AN INSTANT NEW YORK TIMES BESTSELLER
AN NPR CONCIERGE BEST BOOK OF THE YEAR
“In her form-shattering and myth-crushing book….Coe examines myths with mirth, and writes history with humor… [You Never Forget Your First] is an accessible look at a president who always finishes in the first ranks of our leaders.” —Boston Globe
Alexis Coe takes a closer look at our first--and finds he is not quite the man we remember
Young George Washington was raised by a struggling single mother, demanded military promotions, caused an international incident, and never backed down--even when his dysentery got so bad he had to ride with a cushion on his saddle. But after he married Martha, everything changed. Washington became the kind of man who named his dog Sweetlips and hated to leave home. He took up arms against the British only when there was no other way, though he lost more battles than he won.
After an unlikely victory in the Revolutionary War cast him as the nation's hero, he was desperate to retire, but the founders pressured him into the presidency--twice. When he retired years later, no one talked him out of it. He left the highest office heartbroken over the partisan nightmare his backstabbing cabinet had created.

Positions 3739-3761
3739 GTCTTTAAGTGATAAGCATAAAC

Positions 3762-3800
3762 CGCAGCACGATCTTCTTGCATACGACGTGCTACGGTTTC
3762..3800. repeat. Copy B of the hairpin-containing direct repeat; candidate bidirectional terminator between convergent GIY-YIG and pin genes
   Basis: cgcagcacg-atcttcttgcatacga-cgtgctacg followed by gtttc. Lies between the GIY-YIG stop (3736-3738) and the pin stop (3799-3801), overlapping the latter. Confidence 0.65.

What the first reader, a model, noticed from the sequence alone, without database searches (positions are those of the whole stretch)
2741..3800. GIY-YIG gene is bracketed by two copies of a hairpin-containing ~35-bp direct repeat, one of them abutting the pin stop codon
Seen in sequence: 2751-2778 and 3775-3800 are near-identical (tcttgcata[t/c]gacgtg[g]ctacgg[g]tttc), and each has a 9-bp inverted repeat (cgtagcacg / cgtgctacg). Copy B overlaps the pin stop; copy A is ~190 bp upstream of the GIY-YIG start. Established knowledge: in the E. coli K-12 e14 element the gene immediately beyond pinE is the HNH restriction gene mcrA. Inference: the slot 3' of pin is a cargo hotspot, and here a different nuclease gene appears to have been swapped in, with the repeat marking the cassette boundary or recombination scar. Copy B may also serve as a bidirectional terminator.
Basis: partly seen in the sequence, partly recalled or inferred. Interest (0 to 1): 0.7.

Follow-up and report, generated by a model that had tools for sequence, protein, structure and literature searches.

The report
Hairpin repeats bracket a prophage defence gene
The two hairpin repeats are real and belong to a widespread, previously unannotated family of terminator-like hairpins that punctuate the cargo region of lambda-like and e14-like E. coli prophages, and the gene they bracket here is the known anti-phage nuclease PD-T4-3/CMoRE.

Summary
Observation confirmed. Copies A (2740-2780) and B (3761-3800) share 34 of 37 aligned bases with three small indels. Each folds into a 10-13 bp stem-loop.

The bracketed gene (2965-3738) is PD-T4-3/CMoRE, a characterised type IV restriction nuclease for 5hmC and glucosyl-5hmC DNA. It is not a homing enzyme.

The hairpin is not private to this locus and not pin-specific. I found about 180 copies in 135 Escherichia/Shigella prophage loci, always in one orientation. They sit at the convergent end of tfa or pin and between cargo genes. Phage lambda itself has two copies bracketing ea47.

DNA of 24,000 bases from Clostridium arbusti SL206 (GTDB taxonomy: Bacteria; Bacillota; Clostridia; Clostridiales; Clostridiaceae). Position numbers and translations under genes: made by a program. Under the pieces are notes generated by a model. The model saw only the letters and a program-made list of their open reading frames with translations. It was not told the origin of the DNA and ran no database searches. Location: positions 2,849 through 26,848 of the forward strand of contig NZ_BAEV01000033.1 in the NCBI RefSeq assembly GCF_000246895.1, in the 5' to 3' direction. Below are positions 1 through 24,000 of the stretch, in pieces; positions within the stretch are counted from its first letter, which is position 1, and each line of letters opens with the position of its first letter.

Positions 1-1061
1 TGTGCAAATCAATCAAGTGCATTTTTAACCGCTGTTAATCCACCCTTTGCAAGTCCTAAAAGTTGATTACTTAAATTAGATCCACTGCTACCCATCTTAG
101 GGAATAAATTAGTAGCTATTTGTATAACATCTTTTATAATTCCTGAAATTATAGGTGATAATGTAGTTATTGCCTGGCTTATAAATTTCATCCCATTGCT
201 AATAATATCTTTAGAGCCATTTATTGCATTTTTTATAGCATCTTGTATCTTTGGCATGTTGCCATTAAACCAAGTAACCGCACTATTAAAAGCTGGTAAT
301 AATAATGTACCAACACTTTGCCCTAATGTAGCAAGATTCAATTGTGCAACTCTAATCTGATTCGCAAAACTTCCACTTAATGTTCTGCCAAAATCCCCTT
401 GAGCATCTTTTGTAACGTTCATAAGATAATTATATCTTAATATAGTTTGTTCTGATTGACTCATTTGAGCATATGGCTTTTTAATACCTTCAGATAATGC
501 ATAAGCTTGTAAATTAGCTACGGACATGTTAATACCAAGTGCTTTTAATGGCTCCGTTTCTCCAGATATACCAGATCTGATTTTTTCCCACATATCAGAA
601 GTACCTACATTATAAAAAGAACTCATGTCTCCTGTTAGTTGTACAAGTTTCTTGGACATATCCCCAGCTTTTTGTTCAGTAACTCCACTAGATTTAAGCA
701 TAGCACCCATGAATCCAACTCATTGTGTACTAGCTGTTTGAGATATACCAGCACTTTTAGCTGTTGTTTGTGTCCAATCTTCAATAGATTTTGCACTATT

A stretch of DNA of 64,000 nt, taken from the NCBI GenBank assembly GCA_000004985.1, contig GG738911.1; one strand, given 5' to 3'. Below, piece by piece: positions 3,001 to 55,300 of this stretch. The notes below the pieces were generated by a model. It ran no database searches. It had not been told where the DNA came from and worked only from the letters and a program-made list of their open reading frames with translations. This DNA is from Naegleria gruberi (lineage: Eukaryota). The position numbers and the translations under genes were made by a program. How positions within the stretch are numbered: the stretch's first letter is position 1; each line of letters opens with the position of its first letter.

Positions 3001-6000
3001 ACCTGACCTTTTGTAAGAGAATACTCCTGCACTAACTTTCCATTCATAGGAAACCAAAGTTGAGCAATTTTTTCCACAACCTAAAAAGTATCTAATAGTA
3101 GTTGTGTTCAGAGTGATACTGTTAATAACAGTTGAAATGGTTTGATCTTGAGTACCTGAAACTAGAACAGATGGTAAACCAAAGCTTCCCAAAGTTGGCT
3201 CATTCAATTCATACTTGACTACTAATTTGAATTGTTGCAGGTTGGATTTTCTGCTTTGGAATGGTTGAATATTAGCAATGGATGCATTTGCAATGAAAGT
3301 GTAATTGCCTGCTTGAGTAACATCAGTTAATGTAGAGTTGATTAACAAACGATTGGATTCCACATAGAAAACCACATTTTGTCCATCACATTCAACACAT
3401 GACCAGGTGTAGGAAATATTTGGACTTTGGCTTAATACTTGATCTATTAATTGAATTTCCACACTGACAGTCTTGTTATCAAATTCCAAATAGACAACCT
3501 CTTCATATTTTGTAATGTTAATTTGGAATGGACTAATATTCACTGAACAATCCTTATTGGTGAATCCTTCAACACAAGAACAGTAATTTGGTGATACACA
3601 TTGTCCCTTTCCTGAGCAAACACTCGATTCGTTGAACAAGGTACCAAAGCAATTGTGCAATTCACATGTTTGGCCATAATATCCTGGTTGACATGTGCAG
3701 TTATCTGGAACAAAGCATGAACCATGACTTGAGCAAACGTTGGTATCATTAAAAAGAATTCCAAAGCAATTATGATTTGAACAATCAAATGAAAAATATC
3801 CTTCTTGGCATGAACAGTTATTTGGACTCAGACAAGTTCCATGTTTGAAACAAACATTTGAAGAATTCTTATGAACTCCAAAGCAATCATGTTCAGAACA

Back on his plantation, the man who fought for liberty must confront his greatest hypocrisy--what to do with the men, women, and children he owns--before he succumbs to death.
With irresistible style and warm humor, You Never Forget Your First combines rigorous research and lively storytelling that will have readers--including those who thought presidential biographies were just for dads--inhaling every page.
In this breezy yet fact-filled revisionist biography, historian and podcast host Coe (Alice + Freda Forever) takes George Washington's previous predominantly male biographers to task for obsessing over his virility, enshrining myths about his military prowess and moral exactitude, and mischaracterizing his relationship with his mother. Coe threads her narrative with charts listing Washington's "frenemies" (Thomas Jefferson, James Madison) and the diseases he survived (diphtheria, malaria, dysentery). She describes how Washington's widowed mother kept him out of the British Royal Navy and details his involvement in the 1754 skirmish that sparked the French and Indian War. Eschewing a lengthy recap of Washington's Revolutionary War battles, Coe focuses on his role as spymaster and propagandist. She recounts his reluctance to serve as president and sketches the era's partisan divides. While others have praised Washington for freeing his slaves, Coe notes that he actually left it to his widow to sign the deed of manumission, and that she likely did so out of fear for her life. The book's brisk pace and contrarian perspective leave significant gaps (Washington's two presidential terms take up less than 40 pages), but it succeeds in humanizing the Founding Father. Readers who like their history with a dose of wry humor will savor this accessible account.